Overcome Stubborns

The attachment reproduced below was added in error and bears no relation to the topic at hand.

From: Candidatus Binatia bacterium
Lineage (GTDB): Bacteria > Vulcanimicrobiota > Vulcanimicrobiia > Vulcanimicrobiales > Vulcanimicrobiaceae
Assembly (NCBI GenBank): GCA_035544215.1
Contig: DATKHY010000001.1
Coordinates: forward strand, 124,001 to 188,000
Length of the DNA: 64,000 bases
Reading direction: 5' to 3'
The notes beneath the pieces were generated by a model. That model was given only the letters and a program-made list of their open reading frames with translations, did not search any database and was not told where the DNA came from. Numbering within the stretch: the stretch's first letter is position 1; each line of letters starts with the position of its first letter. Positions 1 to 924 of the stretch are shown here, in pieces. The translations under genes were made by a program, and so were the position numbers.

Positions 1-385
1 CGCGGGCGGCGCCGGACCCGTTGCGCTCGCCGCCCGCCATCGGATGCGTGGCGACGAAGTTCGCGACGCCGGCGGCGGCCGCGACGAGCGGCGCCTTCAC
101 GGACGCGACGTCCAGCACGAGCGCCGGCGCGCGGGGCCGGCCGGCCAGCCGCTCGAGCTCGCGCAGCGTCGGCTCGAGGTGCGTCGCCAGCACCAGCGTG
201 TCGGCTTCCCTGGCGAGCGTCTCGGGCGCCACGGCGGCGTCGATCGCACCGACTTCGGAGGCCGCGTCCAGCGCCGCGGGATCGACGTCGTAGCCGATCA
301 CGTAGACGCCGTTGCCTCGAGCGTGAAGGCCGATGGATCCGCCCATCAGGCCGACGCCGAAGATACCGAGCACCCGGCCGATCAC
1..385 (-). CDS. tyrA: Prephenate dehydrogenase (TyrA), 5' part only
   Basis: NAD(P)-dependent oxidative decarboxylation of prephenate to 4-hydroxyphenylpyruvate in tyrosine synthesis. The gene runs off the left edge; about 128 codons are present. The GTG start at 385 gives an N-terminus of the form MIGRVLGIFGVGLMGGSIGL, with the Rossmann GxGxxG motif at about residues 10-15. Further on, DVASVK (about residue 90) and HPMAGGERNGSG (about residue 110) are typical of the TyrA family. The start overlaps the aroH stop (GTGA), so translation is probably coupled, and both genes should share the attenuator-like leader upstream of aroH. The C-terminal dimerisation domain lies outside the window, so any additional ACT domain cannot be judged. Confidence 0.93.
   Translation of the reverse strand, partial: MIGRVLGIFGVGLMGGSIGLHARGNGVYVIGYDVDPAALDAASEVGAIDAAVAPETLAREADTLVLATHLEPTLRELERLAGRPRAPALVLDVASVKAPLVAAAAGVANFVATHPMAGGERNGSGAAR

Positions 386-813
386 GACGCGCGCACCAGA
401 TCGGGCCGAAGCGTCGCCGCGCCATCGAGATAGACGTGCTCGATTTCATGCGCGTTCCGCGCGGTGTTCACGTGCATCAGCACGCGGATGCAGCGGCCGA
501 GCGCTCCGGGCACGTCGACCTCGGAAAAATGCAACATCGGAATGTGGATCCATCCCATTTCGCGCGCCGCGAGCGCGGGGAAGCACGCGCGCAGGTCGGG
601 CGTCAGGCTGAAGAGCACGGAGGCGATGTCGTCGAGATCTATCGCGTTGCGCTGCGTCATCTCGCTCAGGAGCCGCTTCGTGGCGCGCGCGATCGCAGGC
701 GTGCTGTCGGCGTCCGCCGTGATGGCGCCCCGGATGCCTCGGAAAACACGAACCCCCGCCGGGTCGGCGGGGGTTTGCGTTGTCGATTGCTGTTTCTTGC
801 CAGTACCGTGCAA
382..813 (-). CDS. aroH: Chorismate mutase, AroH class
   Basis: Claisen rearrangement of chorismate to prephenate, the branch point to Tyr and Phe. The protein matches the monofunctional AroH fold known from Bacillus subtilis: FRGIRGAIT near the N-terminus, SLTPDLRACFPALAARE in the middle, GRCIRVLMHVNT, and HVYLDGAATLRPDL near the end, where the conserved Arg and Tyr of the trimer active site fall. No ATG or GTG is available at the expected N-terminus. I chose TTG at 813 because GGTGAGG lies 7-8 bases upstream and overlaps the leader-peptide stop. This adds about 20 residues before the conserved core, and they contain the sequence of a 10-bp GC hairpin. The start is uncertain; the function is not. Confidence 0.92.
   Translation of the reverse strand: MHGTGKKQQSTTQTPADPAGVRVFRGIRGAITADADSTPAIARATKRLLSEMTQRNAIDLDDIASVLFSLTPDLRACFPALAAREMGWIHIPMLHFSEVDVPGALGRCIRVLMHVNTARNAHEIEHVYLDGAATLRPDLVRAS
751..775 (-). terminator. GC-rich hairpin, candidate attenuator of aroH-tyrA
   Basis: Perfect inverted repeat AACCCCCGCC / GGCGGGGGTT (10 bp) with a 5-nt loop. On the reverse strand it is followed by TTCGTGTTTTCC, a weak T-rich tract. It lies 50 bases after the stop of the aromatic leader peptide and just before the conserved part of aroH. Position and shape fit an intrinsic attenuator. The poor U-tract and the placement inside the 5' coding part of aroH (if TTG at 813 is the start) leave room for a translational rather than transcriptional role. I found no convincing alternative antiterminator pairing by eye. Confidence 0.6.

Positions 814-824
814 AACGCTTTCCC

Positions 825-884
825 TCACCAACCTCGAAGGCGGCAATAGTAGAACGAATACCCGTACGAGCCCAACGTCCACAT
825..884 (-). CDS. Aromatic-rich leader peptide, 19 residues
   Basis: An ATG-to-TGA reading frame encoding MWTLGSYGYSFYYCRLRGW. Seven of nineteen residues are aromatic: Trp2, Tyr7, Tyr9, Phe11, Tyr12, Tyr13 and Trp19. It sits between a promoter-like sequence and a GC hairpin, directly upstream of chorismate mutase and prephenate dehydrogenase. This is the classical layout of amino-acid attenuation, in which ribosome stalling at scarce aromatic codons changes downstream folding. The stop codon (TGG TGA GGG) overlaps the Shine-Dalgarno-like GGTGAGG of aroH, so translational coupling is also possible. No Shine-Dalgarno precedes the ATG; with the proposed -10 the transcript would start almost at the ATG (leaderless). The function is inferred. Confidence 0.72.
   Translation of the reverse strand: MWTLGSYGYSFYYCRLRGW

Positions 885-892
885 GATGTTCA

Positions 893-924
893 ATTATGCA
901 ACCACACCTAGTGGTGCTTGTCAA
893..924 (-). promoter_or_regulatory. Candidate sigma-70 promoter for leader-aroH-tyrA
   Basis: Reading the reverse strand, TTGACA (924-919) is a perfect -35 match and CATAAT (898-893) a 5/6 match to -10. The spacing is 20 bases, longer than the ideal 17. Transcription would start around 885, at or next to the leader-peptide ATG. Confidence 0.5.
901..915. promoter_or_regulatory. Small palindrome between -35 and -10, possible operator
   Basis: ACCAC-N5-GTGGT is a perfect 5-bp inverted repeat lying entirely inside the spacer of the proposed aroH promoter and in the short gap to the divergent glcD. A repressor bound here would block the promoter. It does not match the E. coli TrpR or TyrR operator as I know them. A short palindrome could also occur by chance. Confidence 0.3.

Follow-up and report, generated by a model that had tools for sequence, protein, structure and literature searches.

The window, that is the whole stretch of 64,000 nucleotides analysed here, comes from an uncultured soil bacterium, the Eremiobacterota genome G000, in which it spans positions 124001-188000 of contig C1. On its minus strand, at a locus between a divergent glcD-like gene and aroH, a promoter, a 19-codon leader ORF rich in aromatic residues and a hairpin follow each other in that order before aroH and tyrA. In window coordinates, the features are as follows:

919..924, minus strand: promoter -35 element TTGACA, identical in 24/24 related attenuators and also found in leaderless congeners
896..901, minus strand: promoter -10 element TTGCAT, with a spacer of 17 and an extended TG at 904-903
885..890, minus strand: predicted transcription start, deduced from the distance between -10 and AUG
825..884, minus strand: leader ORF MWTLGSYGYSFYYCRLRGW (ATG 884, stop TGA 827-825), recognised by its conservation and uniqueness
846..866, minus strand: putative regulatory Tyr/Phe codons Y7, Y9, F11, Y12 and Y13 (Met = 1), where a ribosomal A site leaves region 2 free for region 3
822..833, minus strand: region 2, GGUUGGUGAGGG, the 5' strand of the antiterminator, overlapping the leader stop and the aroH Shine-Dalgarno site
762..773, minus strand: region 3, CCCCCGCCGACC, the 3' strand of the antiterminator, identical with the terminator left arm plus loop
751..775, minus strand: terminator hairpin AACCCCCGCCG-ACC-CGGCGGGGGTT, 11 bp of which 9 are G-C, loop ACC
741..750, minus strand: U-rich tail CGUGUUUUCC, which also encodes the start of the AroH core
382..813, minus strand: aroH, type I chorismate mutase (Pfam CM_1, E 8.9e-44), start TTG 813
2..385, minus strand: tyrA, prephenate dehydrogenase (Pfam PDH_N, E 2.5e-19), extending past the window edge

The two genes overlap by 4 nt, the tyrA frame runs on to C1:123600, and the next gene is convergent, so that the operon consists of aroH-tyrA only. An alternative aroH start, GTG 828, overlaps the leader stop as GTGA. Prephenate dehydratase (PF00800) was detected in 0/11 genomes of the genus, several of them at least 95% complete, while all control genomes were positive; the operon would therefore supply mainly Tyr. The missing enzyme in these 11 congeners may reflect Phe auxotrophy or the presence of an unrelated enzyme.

Holistic Wellness for Women: Supporting Health in Every Life Phase